Ambitious three-parter to kick off season two. Following up the events of “In the Hands of Prophets”, we see that vying Bajoran factions are getting increasingly vocal well beyond the scope of just the station. Without recapping the entire three-episode arc, I can discuss the major players:
- Li Nalas, the extremely reluctant Bajoran folk hero. Circumstances once forced him to fight off several Cardassians but he ended up a prisoner, and Kira (with an assist from O’Brien) rescues. In the meantime the stories about him have grown into legends. It’s hard to pull off a good reluctant hero, too often they basically end up being, well, Harry Potter/Luke Skywalker/Katniss Everdeen/every American saga forever. Li Nalas is a good one, though. He doesn’t morph into a Jedi badass, he just tries to be useful.
- Jaro Essa, Bajoran governmental minister trying to re-establish provisional leadership. He barges in to DS9 and reassigns Kira to Bajor, replacing her with Nalas, which neither of them are happy about. I would describe this character as effectively hateable.
- This leads to the best scene of the arc, when Kira is packing for her reassignment to Bajor, and all the regulars keep showing up on some flimsy pretext to say goodbye to her. Some good farce here, as pretty soon the entire cast is in her bedroom somehow. And for the first time, she claims some allegiance to them. Awww.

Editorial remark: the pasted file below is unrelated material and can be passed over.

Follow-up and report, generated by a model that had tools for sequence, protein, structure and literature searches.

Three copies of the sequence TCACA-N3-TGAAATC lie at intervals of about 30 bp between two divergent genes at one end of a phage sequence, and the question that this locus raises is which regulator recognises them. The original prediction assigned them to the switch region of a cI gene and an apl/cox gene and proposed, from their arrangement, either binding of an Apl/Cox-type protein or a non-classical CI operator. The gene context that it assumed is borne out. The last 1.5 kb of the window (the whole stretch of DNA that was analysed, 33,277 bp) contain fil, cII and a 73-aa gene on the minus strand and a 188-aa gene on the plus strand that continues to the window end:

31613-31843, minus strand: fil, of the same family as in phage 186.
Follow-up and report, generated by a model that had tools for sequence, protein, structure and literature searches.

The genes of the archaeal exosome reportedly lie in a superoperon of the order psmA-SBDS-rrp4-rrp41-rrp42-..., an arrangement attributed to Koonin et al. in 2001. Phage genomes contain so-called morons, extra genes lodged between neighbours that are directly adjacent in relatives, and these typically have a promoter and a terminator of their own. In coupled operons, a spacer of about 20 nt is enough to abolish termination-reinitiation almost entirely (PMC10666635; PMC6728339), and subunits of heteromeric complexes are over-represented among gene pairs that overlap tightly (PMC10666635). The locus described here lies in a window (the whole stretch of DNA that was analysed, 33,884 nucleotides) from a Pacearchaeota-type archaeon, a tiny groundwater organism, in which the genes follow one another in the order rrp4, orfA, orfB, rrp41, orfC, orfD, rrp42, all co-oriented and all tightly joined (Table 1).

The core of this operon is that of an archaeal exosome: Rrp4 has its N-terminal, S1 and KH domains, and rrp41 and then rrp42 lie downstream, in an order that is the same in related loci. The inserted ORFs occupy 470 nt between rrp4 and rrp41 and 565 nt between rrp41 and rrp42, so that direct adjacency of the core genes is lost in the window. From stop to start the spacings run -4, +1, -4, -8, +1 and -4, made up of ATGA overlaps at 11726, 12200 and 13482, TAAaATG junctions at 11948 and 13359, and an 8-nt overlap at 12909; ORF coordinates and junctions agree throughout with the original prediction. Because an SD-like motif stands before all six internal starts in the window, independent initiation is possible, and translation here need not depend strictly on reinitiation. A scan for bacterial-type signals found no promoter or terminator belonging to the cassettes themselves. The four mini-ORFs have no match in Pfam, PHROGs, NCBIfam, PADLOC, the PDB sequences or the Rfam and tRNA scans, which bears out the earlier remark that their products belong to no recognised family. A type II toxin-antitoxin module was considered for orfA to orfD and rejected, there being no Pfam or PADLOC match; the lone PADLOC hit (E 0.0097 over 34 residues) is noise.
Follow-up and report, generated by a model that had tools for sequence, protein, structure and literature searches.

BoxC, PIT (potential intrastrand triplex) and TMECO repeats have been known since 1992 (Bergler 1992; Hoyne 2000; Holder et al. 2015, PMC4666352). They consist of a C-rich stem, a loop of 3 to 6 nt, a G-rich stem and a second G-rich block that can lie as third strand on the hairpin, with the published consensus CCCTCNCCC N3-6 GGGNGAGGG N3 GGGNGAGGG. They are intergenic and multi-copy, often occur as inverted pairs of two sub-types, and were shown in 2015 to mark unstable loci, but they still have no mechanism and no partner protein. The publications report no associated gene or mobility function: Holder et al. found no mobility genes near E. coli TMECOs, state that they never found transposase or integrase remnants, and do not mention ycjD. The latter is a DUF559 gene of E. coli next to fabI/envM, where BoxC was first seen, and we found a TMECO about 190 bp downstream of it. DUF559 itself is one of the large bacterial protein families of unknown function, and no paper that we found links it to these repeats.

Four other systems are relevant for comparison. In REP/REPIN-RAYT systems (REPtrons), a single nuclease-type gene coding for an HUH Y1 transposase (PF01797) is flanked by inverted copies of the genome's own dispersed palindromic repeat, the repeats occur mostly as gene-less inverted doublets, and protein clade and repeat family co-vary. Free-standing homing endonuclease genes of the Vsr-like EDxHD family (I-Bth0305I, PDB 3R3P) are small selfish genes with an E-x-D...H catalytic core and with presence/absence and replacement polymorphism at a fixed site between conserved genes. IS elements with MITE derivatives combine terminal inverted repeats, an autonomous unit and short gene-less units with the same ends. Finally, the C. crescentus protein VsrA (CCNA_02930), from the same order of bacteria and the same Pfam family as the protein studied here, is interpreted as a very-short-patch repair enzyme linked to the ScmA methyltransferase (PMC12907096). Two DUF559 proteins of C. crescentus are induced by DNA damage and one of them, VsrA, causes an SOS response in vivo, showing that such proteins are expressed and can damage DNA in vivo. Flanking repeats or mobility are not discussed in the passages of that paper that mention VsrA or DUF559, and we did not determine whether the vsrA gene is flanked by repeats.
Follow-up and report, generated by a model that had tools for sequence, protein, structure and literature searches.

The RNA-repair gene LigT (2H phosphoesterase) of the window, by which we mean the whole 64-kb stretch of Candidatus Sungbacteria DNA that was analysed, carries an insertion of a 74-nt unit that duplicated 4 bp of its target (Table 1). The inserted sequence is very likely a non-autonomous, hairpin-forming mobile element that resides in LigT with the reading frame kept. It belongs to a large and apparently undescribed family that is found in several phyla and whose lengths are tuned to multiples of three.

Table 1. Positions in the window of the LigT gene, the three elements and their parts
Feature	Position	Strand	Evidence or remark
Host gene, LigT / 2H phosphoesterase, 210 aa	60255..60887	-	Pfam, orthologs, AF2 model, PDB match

- The Circle, a group of Bajoran extremists whose influence has started to appear on the station in the form of obnoxious graffiti that Odo or someone has to clean up. (I bet he gets Morn to do it for like, next to nothing. Cost of the cheapest swill at Quark’s.)
- Some militant Bajorans, including an extremely wooden and forgettable performance by fellow ’90s TV guy Steven Weber, who I guess just had an off-week over at Wings or something and wandered over to the DS9 set, so they slapped a Bajoran nose on him for a cameo.
Eventually the larger conspiracy that’s agitating the Bajoran rift is unraveled and things go back to normal after some zap-zap phaser battles around the station. Good job everyone.
Overall: 3 out of 5. Lots of Bajoran background and some larger themes covered but the execution is a bit meh. Two tighter episodes instead of three, padded out with zap-zaps and silly bellowing Bajoran Bad Guys, would have been better.